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In bash this works:

var1=abc

But this gives an error:

var*1=abc
var*1=abc: command not found

Why so? Why is the expression treated as a command?

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3 Answers 3

up vote 1 down vote accepted

From http://www.gnu.org/software/bash/manual/bashref.html

name

A word consisting solely of letters, numbers, and underscores, and beginning with a letter or underscore. Names are used as shell variable and function names. Also referred to as an identifier.

The value on the left hand side is not an identifier. It is an expression. Therefore that command (to evaluate the entire expression) is invalid.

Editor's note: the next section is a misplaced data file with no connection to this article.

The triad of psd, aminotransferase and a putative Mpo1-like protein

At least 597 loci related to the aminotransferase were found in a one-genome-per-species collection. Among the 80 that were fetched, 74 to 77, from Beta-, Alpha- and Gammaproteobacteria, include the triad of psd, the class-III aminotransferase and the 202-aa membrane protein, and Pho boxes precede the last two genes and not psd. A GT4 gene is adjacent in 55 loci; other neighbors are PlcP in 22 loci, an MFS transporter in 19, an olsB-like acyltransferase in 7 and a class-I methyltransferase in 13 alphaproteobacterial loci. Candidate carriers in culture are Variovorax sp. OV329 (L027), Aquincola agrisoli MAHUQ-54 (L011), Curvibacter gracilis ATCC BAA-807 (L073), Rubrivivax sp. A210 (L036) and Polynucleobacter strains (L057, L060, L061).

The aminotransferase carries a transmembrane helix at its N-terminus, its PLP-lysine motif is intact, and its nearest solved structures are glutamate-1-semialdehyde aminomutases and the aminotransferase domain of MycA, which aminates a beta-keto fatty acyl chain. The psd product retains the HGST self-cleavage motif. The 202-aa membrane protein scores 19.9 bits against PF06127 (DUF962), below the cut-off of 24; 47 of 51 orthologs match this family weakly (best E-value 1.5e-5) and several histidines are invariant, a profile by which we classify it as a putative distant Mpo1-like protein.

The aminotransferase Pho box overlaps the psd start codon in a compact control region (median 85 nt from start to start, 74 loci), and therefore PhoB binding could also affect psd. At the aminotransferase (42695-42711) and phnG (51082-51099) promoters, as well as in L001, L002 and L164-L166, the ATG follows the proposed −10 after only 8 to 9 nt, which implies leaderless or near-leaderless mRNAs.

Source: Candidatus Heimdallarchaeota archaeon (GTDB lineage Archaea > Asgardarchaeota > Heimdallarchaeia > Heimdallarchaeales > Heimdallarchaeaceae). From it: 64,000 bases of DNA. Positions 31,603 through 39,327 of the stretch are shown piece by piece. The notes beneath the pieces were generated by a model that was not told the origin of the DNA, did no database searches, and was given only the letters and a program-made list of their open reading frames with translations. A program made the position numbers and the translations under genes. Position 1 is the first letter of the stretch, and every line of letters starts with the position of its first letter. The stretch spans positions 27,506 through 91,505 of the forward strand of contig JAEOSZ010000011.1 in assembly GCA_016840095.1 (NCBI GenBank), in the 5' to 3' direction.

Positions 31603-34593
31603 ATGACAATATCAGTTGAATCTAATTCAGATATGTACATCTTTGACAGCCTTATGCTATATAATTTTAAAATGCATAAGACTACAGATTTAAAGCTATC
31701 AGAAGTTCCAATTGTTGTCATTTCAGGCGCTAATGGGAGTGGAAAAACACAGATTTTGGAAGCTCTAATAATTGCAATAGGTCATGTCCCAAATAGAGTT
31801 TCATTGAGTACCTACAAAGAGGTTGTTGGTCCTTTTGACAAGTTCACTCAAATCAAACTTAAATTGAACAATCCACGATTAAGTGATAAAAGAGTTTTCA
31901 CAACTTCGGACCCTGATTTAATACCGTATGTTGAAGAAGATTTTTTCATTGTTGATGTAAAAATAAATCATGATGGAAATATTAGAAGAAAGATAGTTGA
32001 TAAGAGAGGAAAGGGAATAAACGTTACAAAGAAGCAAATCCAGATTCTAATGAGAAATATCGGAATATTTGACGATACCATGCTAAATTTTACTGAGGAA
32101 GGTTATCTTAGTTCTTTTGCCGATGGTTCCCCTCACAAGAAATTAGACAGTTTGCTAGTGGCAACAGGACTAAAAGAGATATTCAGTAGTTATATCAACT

In other words, you can't have asterisks in names, and you can't generate a variable name by doing some math (multiplying).

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Cool, thanks for the reference ! –  abc Jun 26 '11 at 23:42

Invalid character (asterisk) for a variable identificator.

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POSIX defines shell variable names to consist of alphanumerics and underscore, and not starting with a digit. (There are special variables which violate this; they are always single characters, and they cannot collide with user defined variables.)

3.230 Name

In the shell command language, a word consisting solely of underscores, digits, and alphabetics from the portable character set. The first character of a name is not a digit.

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